One good reason not to use the free-for-makers Fusion 360 is that exporting your design to STL requires saving it as a cloud project and then rendering it in the cloud. Which takes several minutes even on simple models.
“The Cloud is Mother, the Cloud is Father.”
(and I’m not even designing in it, just using the customization options from someone else’s design, the ABLE System connectors, created by a user with no Thingiverse profile whose only video doesn’t show up as uploaded by the user who owns it, who doesn’t seem to have any other archive or discussion of his work, by anyone, anywhere…)
This, by the way, looks like a better solution for a tinkertoy takadai than the Jonction-P system I mentioned earlier, largely because that one is incompatible with my monorail design for koma. I’ll just have to redo it in OpenSCAD to scale it to different square-dowel sizes, and then add a few custom parts.
The key feature of both is that they print at an angle both for strength and to eliminate any bridging that would require supports.
“It glides as softly as a cloud” on a half-inch square dowel, and required no trimming or sanding. Printed with PLA at 0.2mm layer height and 20% infill, it’s quite sturdy, even the half-pins at the end that are 1.65mm thick. I’d give it some light sanding before trying out a fiber like silk, but I mostly prefer yarn anyway.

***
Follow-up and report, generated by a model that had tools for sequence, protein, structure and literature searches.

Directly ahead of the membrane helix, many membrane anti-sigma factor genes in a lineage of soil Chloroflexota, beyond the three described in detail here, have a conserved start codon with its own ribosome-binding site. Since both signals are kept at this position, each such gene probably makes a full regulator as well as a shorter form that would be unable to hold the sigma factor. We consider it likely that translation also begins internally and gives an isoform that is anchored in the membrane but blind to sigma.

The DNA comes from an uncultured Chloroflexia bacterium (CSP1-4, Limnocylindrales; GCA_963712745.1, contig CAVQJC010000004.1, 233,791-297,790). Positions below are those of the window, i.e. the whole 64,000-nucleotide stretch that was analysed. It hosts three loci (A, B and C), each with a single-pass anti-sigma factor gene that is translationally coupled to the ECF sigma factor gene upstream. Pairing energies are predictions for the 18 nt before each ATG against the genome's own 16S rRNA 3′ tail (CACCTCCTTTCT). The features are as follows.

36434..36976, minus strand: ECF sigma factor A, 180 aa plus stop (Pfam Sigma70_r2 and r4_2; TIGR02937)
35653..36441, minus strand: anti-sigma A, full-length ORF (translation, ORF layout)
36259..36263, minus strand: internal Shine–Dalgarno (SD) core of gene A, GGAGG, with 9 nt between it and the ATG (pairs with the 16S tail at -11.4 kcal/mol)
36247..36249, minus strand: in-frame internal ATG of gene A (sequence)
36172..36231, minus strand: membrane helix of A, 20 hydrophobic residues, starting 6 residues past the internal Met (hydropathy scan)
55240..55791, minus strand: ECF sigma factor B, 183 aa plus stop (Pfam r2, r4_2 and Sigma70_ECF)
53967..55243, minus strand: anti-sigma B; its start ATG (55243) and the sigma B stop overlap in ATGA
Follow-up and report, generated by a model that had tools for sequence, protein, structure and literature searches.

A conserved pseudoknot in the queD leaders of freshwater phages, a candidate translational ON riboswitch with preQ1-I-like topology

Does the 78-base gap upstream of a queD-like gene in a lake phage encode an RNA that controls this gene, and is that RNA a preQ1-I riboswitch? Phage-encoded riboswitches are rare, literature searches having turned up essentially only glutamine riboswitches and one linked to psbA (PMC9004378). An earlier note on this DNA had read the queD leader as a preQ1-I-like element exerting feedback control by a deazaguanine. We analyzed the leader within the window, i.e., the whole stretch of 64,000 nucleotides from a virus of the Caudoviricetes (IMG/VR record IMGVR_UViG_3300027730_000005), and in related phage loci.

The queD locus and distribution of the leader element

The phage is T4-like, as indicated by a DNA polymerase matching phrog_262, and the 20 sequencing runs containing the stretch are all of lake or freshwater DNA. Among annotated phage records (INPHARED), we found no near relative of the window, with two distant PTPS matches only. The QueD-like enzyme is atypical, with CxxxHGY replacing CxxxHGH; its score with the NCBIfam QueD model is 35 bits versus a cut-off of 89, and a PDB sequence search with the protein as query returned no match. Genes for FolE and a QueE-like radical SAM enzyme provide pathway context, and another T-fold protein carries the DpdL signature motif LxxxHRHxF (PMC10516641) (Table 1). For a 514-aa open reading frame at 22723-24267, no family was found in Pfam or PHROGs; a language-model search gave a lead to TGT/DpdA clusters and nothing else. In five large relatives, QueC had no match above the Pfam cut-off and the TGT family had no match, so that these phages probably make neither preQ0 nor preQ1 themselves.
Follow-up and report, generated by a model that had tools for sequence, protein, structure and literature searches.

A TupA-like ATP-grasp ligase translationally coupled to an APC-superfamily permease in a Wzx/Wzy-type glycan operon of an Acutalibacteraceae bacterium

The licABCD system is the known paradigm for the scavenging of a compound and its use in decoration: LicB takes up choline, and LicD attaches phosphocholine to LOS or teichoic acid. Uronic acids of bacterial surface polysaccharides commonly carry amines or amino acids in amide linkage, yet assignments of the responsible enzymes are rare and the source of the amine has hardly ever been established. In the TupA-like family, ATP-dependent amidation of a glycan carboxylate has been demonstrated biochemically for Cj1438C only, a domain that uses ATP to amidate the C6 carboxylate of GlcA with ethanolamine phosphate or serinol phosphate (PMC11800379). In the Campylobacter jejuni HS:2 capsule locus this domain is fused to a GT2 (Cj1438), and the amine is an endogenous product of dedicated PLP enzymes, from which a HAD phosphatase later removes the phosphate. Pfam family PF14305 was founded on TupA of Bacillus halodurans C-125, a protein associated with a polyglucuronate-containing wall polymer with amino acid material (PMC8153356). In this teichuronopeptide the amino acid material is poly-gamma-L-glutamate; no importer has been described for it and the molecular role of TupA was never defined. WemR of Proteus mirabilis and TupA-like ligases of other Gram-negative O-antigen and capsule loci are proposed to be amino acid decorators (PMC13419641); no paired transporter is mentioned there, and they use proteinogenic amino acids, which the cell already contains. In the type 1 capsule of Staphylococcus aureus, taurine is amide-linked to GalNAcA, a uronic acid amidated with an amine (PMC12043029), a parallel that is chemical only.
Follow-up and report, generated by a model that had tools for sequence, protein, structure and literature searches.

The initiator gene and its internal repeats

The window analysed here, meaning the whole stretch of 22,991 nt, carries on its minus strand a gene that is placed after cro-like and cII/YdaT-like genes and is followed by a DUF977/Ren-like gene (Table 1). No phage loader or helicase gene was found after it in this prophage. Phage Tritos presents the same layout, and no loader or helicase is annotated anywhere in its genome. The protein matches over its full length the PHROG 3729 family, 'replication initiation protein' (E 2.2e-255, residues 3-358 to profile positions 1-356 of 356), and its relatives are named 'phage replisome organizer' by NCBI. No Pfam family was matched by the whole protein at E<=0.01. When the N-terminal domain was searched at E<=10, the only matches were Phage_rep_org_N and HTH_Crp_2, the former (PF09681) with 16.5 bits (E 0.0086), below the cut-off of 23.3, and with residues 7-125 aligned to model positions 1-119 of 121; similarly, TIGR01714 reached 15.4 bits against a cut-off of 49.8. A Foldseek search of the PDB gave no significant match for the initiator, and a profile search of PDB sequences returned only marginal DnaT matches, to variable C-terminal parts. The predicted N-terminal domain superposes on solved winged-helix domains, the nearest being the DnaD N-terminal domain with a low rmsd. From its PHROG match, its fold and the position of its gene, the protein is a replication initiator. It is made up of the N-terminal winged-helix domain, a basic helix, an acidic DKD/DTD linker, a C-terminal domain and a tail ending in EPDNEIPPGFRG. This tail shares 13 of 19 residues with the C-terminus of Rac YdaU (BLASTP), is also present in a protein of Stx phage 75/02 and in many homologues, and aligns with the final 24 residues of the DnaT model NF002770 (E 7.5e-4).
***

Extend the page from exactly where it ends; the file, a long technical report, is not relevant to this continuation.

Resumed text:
A takadai built around these koma would be roughly 18x18 inches, and capable of pretty much any standard single or double-layer braid. It would be able to take full-size bobbins (no more crowded than a Braidershand extended takadai), although not necessarily five pounds of them per arm. 😁
I’m going to predict that if it is proven that even one state was illegitimately flipped from T to B, even by a series of completely innocent mistakes, The Narrative will immediately switch from
“Trump’s making it all up”
“Trump’s behind it all.”
The incantation “Reichstag Fire” will be invoked.
Hey, remember that thing I bought one of?
Let’s order another one…whu?
This did not go well. Now I know what the “build plate adhesion” checkbox is good for.
(Update: I started a simpler print job and watched it fail to lay down the first layer consistently, so I stripped all the glue off the bed, laid on two new layers, and went through the manual leveling process again. Looks a lot healthier now)
To be clear, I’m not claiming she’s responsible for my filament snarl. I’d forgive her instantly…
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